Realistically, whether you’re building a home gym or looking to attend your first commercial gym, there isn’t one that’s necessarily better than the other. It all comes down to what you’re looking for in a gym and whether it’s easier for you to achieve this at home or somewhere else. In fact, it’s not uncommon for many people to have a home gym to do the majority of workouts and a commercial gym for when they need to do specific exercises.
There are plenty of home gym ideas you can use to customize your space as you see fit. You can also set up the equipment as you’d like and organize the room to your specific needs.
Best appearance: Home gyms
Over the short term (within a single year), commercial gyms are going to come out on top because they handle maintenance and purchasing of gym equipment. Though over the long term (five years or more), you may see your investment into a home gym even out or actually come out on top. Actual pricing will come down to what you’re looking to buy, but there’s often a home gym for every budget.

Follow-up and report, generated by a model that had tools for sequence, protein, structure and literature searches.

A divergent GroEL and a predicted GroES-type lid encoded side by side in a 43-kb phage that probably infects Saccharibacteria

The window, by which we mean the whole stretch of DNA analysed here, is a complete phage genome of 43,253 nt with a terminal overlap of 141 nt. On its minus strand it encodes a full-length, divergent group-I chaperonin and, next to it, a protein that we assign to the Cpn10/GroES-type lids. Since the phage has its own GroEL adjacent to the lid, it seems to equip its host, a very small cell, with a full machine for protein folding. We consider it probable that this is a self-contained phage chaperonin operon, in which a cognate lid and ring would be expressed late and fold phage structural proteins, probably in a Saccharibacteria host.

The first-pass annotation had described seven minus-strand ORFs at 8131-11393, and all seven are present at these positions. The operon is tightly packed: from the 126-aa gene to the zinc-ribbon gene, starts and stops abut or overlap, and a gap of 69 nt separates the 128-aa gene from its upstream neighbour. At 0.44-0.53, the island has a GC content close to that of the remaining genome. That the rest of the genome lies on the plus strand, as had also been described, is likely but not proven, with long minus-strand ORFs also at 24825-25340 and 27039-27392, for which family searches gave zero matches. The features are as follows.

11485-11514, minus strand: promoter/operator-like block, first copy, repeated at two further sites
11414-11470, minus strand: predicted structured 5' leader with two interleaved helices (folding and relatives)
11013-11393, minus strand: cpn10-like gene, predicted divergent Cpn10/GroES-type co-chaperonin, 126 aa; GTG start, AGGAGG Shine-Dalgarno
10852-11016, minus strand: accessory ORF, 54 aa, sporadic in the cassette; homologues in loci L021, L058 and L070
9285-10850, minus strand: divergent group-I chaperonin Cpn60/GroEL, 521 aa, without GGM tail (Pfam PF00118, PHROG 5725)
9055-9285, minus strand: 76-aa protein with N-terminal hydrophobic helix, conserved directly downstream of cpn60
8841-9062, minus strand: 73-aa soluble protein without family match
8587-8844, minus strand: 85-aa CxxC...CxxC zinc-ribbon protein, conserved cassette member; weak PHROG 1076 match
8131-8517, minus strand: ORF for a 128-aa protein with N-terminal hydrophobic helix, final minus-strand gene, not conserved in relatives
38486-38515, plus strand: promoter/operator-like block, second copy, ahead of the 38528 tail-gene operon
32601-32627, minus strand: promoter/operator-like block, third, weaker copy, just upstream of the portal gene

Most affordable: It depends
Commercial gyms will come in on top here, so long as they have what you’re looking for. Higher-end gyms that have saunas, pools, group fitness classes, and a wide variety of equipment are going to be hard to beat when it comes to options.
Most options: Commercial gyms
No matter how empty a commercial gym is, you’re never going to get the same privacy you do from a home gym. You can set up your own rules, play whatever music you see fit at any volume (with respect to your neighbors), and wear what you feel like.
Best for privacy: Home gyms